There seems to be growing consensus on the need for a US federal privacy law along the lines of Europe’s GDPR. There is now bipartisan support in Congress, with Republicans and Democrats alike in favor of legislation.
They don’t, however, agree on the best way to go about it …
Reuters reports on the conflict.
Democratic and Republican lawmakers both stressed the need for bipartisan privacy legislation on Wednesday but seemed divided on how willing they were to strengthen the Federal Trade Commission, which is expected to be tasked with enforcing an eventual law […]
Subcommittee Chairwoman Jan Schakowsky, a Democrat, was one of several people who favored increased funding for the Federal Trade Commission as well as stronger rule-making authority as part of a bill to protect users’ privacy online.
The top Republican on the panel, Cathy McMorris Rodgers, also said that she would support a national standard for data privacy and wanted to hold companies accountable for violations.
But she worried about giving more power to the agency, saying she did not want to the FTC to be converted into “a massive rule-making regime.”
In other words, the Democratic view is that Congress should give the FTC powers to make and enforce privacy rules, while the Republican view is that the legislative branch should create the rules, and the FTC should simply be empowered to enforce them.
The FTC itself just wants its brief to be as clear and specific as possible.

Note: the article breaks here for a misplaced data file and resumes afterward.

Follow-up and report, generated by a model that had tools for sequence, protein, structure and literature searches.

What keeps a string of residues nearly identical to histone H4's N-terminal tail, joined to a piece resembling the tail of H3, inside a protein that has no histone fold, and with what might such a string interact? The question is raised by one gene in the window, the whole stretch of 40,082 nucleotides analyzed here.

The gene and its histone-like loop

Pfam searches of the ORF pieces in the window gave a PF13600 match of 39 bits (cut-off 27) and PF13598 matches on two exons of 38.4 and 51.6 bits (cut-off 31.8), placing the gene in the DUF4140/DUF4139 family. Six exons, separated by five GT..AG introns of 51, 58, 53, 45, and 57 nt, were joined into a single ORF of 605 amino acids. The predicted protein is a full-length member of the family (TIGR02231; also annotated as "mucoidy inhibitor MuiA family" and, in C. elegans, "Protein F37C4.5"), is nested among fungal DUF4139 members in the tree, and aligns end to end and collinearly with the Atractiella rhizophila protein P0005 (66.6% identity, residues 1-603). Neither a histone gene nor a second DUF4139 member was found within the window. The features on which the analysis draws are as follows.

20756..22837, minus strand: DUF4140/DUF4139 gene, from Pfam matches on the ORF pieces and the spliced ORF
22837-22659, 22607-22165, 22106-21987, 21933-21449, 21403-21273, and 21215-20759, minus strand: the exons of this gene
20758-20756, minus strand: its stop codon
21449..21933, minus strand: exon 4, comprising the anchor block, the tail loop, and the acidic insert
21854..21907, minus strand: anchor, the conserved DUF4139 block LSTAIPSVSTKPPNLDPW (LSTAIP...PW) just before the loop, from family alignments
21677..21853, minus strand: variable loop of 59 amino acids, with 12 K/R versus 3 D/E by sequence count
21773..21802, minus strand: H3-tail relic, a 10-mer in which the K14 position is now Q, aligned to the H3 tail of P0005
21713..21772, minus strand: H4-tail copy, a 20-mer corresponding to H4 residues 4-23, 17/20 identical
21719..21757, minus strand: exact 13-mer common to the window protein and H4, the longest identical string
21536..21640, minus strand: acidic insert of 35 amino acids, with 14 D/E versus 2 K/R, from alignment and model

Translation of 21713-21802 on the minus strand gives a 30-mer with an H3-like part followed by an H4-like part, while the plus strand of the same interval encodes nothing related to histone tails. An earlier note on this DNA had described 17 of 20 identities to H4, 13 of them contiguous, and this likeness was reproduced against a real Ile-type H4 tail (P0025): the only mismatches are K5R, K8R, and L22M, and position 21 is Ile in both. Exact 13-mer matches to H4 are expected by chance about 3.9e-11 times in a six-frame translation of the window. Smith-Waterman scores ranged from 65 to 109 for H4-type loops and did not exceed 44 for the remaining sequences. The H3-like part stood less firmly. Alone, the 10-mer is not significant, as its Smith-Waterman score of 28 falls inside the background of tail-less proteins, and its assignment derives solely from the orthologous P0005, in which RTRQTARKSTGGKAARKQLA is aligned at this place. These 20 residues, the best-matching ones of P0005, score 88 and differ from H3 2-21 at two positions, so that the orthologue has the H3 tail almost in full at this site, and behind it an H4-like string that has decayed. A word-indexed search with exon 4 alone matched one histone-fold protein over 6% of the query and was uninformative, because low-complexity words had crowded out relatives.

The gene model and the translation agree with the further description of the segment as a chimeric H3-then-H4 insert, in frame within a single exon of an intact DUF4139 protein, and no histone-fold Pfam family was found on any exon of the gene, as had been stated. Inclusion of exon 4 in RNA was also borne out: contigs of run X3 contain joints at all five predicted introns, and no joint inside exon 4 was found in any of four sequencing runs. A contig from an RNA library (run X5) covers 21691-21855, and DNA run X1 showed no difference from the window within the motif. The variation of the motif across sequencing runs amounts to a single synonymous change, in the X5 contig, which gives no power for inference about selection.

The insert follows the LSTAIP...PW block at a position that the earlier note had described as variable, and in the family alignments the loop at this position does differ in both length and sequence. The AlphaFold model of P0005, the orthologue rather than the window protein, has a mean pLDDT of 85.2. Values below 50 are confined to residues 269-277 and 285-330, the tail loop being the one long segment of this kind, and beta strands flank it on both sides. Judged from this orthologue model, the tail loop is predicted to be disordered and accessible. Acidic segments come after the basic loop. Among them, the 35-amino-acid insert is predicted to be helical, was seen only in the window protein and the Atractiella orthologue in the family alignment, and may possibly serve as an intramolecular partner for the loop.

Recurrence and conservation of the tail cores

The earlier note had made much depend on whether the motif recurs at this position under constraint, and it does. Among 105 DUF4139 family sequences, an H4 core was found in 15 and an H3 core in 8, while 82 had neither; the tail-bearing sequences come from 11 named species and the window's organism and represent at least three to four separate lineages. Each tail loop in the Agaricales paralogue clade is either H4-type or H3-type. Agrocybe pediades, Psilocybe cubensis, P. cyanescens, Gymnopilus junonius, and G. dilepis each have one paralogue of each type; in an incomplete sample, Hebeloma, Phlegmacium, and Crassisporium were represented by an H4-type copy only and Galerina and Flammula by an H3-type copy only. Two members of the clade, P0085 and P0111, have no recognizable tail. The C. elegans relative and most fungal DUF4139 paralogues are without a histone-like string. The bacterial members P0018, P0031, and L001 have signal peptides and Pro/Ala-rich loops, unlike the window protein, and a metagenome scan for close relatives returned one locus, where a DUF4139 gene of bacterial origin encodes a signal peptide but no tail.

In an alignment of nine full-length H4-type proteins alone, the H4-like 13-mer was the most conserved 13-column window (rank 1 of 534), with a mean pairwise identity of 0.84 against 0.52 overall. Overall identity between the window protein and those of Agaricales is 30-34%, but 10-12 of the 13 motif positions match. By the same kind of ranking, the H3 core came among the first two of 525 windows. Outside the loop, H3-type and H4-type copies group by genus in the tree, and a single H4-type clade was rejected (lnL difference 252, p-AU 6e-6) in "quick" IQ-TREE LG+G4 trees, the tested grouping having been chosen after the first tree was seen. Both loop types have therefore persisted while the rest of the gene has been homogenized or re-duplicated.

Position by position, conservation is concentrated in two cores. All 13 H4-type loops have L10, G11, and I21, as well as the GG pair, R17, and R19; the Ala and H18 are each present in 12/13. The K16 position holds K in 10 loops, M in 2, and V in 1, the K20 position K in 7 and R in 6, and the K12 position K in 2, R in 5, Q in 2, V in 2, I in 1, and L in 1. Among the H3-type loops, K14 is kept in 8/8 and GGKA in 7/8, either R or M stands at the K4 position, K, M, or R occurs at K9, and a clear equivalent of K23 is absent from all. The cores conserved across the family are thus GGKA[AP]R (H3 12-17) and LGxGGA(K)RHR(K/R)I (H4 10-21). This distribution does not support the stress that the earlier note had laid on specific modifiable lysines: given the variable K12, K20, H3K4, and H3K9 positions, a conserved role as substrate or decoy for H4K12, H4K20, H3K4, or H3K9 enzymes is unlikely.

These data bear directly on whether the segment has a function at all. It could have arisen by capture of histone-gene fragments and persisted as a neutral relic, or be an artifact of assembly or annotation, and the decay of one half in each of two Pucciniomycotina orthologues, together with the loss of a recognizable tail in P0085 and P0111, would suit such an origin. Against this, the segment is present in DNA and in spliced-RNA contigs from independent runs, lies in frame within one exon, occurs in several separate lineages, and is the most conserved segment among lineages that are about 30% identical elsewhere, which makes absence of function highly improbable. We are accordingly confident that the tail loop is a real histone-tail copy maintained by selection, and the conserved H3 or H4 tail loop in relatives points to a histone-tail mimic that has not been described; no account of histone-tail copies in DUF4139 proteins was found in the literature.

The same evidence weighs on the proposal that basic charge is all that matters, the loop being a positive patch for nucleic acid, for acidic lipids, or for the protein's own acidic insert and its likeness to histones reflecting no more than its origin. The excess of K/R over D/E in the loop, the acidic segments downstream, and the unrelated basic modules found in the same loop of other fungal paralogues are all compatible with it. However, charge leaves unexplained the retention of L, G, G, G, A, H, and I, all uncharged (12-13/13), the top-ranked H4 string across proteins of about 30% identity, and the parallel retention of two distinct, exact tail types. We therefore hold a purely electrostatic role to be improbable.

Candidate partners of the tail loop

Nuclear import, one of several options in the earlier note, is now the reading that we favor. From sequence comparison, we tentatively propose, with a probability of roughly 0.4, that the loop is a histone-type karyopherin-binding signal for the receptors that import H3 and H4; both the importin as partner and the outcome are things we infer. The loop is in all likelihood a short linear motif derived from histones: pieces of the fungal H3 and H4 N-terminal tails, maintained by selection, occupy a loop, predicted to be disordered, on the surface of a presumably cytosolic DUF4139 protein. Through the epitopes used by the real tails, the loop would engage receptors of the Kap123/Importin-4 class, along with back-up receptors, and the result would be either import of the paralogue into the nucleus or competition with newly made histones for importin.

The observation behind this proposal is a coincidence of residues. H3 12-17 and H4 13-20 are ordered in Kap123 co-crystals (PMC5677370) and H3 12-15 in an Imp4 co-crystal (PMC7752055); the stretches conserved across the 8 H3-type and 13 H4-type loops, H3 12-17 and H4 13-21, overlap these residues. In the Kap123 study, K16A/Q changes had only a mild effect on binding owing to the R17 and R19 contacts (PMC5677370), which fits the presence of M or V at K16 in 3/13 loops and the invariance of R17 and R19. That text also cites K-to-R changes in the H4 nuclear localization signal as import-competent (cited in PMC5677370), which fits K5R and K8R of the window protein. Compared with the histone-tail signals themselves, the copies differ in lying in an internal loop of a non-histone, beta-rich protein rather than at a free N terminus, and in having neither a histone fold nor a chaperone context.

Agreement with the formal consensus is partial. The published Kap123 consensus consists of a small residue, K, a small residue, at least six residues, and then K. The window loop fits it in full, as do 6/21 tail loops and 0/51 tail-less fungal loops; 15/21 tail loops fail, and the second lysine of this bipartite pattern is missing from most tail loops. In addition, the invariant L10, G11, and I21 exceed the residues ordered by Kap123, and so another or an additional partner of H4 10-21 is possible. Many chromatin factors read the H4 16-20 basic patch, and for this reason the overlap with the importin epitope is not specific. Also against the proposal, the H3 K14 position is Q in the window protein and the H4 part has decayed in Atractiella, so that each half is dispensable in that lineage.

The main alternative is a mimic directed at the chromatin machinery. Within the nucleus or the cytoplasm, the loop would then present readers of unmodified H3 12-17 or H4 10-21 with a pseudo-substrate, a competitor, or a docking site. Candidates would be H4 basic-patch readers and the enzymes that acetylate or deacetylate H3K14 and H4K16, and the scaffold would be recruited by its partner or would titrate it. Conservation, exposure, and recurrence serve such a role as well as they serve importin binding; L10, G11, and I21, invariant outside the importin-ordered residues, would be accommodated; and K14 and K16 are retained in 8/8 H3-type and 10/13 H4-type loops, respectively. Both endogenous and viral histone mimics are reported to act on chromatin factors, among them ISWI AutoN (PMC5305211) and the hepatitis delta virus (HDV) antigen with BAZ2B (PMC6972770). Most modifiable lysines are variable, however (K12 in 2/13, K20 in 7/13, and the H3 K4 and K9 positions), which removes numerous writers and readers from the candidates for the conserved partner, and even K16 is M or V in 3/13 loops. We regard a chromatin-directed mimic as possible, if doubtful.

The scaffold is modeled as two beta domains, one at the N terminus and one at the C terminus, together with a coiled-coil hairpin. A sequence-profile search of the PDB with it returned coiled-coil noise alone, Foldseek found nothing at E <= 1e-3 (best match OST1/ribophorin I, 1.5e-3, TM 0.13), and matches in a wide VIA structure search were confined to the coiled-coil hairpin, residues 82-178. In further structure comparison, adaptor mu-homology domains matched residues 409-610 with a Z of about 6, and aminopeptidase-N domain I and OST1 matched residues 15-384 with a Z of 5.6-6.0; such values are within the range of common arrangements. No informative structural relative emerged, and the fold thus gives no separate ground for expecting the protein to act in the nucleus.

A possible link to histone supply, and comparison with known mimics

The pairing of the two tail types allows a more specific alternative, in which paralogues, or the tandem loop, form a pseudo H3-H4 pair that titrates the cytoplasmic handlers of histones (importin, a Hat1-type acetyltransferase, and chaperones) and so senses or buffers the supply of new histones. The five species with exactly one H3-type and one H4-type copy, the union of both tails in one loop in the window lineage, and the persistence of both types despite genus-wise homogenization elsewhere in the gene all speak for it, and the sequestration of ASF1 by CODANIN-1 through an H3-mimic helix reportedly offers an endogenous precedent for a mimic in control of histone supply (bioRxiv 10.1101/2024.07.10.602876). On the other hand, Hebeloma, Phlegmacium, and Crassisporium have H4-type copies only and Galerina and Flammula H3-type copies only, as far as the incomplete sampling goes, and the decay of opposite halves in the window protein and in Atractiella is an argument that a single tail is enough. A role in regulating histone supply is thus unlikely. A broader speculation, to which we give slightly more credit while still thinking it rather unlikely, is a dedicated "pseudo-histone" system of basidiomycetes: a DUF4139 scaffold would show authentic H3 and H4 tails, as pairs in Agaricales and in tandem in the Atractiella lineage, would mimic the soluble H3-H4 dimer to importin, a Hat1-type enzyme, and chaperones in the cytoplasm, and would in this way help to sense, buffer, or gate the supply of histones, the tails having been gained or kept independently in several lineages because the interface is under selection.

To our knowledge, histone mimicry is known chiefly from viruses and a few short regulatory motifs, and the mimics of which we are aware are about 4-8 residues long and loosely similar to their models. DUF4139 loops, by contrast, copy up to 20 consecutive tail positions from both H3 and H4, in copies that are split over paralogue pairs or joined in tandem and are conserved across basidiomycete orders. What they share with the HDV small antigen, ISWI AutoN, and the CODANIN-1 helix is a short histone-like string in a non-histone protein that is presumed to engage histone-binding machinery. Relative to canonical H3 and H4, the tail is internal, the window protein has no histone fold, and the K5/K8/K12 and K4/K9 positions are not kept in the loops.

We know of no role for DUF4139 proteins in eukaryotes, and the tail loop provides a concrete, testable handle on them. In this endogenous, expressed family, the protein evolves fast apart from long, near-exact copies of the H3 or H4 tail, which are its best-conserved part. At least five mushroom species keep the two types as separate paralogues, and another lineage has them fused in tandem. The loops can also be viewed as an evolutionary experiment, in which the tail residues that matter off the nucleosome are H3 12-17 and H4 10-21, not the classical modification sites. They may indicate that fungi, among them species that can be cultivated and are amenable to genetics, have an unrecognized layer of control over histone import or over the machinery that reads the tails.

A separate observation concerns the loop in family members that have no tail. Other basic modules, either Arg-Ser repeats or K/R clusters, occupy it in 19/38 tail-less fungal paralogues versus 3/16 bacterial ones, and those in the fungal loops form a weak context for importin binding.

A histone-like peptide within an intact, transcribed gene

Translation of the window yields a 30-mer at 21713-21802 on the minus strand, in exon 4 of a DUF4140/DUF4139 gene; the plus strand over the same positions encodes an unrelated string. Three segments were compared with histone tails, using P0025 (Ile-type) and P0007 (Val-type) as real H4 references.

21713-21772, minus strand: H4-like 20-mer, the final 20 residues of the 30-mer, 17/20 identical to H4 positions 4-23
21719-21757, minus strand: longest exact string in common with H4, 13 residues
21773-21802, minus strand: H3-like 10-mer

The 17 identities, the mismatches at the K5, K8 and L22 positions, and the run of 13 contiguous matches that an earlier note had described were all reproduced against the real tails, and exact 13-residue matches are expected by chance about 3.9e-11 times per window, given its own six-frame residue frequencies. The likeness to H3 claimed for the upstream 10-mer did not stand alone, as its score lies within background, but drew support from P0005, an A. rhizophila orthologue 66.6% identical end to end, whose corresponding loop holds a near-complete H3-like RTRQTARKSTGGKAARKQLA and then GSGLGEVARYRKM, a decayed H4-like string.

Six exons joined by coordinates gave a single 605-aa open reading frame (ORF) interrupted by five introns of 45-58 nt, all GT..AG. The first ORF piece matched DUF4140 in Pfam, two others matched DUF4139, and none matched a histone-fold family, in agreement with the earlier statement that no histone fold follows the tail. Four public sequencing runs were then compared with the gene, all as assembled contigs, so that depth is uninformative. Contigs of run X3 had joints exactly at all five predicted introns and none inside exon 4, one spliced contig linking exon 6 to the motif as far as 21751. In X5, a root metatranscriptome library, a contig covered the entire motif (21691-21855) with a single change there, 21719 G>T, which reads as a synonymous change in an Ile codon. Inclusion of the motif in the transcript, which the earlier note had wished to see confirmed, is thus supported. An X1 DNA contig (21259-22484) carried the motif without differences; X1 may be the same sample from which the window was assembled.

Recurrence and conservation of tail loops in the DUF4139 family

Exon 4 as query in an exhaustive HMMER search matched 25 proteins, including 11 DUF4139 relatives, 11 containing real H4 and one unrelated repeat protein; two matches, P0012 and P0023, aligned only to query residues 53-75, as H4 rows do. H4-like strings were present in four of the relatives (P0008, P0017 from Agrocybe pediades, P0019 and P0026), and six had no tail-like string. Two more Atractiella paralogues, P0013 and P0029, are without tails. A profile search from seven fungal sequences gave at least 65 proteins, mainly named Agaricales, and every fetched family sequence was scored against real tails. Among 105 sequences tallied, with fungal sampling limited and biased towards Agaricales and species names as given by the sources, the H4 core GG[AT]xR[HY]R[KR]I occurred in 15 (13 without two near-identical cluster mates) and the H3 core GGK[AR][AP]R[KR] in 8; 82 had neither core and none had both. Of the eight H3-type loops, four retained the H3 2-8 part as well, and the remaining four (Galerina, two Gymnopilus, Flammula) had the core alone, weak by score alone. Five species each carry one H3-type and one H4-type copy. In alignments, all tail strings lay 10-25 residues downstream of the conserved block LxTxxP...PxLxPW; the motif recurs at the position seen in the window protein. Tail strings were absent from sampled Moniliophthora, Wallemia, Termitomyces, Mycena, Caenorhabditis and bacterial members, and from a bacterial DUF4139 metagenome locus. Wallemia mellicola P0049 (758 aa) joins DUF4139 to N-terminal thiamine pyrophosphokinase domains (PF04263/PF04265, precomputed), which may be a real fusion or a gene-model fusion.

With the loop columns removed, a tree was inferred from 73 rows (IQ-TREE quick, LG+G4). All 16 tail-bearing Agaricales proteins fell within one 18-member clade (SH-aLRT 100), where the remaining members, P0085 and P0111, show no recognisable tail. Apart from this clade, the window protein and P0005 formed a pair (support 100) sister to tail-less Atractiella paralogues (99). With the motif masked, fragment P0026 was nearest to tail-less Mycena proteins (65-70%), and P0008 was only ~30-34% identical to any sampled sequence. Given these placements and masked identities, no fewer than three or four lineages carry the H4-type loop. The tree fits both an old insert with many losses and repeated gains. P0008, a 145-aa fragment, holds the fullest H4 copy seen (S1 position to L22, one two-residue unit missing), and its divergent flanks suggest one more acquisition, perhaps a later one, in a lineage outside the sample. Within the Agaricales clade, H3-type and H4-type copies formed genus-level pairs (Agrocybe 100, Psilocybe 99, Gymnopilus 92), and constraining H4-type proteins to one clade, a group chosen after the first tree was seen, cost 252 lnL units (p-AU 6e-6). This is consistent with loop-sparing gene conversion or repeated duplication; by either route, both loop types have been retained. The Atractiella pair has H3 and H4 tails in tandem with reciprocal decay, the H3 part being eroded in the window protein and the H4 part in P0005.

FTC Chairman Simons, backed by Democratic Commissioner Rohit Chopra, urged that any legislation have clear and specific rules.
Simons asked for enhanced rule-making authority for the agency to enforce any privacy legislation but pressed for it to be limited to the one issue.
“Please do not do it. Do not give us broad rule-making authority. Give us targeted rule-making authority,” he said. “The last thing that we want is for you to dump that question on us.”
Passing privacy legislation ought to be simple. It’s not only backed by lawmakers on both sides of the aisle, but also by tech giants like Apple, Google and Facebook. While the latter two companies might be expected to oppose restrictions on their use of personal data, the prevailing view in Silicon Valley appears to be that it’s better to know what they can and can’t do and be able to make plans on that basis.
Apple CEO Tim Cook has praised Europe’s adoption of GDPR – the toughest privacy laws ever created – and said that the US should follow this lead.
We at Apple are in full support of a comprehensive federal privacy law in the United States. There, and everywhere, it should be rooted in four essential rights: First, the right to have personal data minimized. Companies should challenge themselves to de-identify customer data—or not to collect it in the first place. Second, the right to knowledge. Users should always know what data is being collected and what it is being collected for. This is the only way to empower users to decide what collection is legitimate and what isn’t. Anything less is a sham. Third, the right to access. Companies should recognize that data belongs to users, and we should all make it easy for users to get a copy of…correct…and delete their personal data. And fourth, the right to security. Security is foundational to trust and all other privacy rights.